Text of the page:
Now it is for you, my young friends, to determine whether these weighty responsibilities shall be fulfilled. It is for you to decide whether this greatest of free nations shall, at the same time, be the best. And as every nation is made up of individuals, you are each, in reality, called upon daily, to settle this question: ‘Shall the United States, possessing the amplest means of instruction within the reach of nearly all her citizens, the happiest government, the healthiest of climates, the greatest abundance of the best and most wholesome nutriment, with every other possible means for developing all the powers of human nature, be peopled with the most vigorous, powerful, and happy race of human beings which the world has ever known?’
There is another motive to which I beg leave, for one moment, to direct your attention. You are bound to fix on a high standard of action, from the desire of obeying the will of God. He it is who has cast your lot in a country which—all things considered—is the happiest below the sun. He it is who has given you such a wonderful capacity for happiness and instituted the delightful relations of parent and child, and brother and sister, and friend and neighbor. I might add, He it is, too, who has given you the name American,—a name which alone furnishes a passport to many civilized lands, and like a good countenance, or a becoming dress, prepossesses everybody in your favor.
But what young man is there, I may be asked, who is not influenced more or less, by all the motives which have been enumerated? Who is there that does not seek his happiness? Who does not desire to please his parents and other relatives, his friends, and his neighbors? Who does not wish to be distinguished for his attachment to country and liberty? Nay, who has not even some regard, in his conduct, to the will of God?
I grant that many young men, probably the most of those into whose hands this book will be likely to fall, are influenced, more or less, by all these considerations. All pursue their happiness, no doubt. By far the majority of the young have, also, real respect for the good opinion of others, and the laws of the Creator.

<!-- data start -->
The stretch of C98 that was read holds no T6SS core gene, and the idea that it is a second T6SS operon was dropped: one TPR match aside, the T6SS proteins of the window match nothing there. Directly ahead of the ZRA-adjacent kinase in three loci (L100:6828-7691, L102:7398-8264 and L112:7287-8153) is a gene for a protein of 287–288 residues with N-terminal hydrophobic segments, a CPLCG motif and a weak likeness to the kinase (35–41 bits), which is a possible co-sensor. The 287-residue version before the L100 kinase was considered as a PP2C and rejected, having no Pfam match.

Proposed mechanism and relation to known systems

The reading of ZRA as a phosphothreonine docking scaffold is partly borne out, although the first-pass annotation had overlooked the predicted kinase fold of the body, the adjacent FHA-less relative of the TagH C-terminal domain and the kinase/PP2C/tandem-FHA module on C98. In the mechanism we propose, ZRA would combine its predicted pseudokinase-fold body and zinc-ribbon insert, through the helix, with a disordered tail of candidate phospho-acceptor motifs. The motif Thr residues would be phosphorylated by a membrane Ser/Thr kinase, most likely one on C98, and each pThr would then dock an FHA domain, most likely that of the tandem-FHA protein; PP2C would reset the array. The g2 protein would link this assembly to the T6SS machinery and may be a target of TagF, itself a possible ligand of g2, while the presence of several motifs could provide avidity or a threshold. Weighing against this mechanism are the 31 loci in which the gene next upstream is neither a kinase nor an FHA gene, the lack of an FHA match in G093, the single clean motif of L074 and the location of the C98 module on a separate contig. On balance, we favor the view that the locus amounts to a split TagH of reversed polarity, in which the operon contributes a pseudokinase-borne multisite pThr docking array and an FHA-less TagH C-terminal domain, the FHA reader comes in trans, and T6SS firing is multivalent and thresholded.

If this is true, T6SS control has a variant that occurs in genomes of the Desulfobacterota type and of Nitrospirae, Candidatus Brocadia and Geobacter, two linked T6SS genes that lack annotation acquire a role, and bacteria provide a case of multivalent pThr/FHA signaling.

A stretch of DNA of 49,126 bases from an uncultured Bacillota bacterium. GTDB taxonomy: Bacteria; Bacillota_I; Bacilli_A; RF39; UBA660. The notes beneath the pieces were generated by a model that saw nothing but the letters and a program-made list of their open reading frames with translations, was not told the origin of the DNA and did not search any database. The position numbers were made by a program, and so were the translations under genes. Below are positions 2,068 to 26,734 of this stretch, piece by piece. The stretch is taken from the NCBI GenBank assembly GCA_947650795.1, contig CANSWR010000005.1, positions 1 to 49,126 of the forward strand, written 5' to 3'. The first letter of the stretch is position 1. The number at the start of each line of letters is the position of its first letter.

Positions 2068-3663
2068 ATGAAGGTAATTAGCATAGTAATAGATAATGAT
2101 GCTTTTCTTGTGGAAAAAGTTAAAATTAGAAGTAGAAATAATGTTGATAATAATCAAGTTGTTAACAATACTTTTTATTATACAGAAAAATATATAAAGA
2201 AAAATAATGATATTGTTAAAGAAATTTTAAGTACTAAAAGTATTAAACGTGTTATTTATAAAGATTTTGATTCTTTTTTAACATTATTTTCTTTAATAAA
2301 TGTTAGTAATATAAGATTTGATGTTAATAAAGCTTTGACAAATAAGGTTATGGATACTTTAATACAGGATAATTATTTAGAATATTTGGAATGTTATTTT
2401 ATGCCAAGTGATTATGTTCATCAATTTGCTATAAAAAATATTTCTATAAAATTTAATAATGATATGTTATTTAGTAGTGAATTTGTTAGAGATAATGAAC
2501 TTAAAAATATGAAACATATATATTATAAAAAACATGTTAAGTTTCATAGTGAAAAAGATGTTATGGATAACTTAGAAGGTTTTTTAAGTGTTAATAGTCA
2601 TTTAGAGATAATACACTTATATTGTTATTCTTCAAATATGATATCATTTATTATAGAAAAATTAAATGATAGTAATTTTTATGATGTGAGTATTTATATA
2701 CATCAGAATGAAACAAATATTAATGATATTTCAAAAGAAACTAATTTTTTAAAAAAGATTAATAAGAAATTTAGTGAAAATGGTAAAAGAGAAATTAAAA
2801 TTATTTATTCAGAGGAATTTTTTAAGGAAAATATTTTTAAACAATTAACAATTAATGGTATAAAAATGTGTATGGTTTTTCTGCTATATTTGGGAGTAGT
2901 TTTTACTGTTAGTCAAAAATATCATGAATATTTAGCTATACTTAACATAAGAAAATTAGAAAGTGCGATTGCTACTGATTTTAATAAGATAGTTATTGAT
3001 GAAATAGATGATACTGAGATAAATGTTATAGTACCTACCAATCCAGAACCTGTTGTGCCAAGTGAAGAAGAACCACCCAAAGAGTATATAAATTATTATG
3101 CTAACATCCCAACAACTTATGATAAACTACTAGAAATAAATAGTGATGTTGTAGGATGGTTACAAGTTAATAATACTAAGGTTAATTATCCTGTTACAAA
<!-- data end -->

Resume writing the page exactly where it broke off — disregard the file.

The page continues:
Still, do not thousands and tens of thousands mistake, as I have already intimated, regarding what promotes their iness? Is there any certainty that the greatest happiness of a creature can be secured without consulting the will of the Creator? And do not those young persons greatly err, who suppose that they can secure a full amount, even of earthly blessings, without conforming, with the utmost strictness, to those rules for conduct, which the Bible and the Book of Nature, so plainly make known?
Too many young men expect happiness from wealth. This is their great object of study and action, by night and by day. Not that they suppose there is an inherent value in the wealth itself, but only that it will secure the means of procuring the happiness they so ardently desire. But the farther they go, in the pursuit of wealth, for the sake of happiness, especially if successful in their plans and business, the more they forget their original purpose, and seek wealth for the sake of wealth. To get rich is their principal motive to action.
So it is regarding the exclusive pursuit of sensual pleasure, or civil distinction. The farther we go, the more we lose our original character, and the more we become devoted to the objects of pursuit and incapable of being roused by other motives.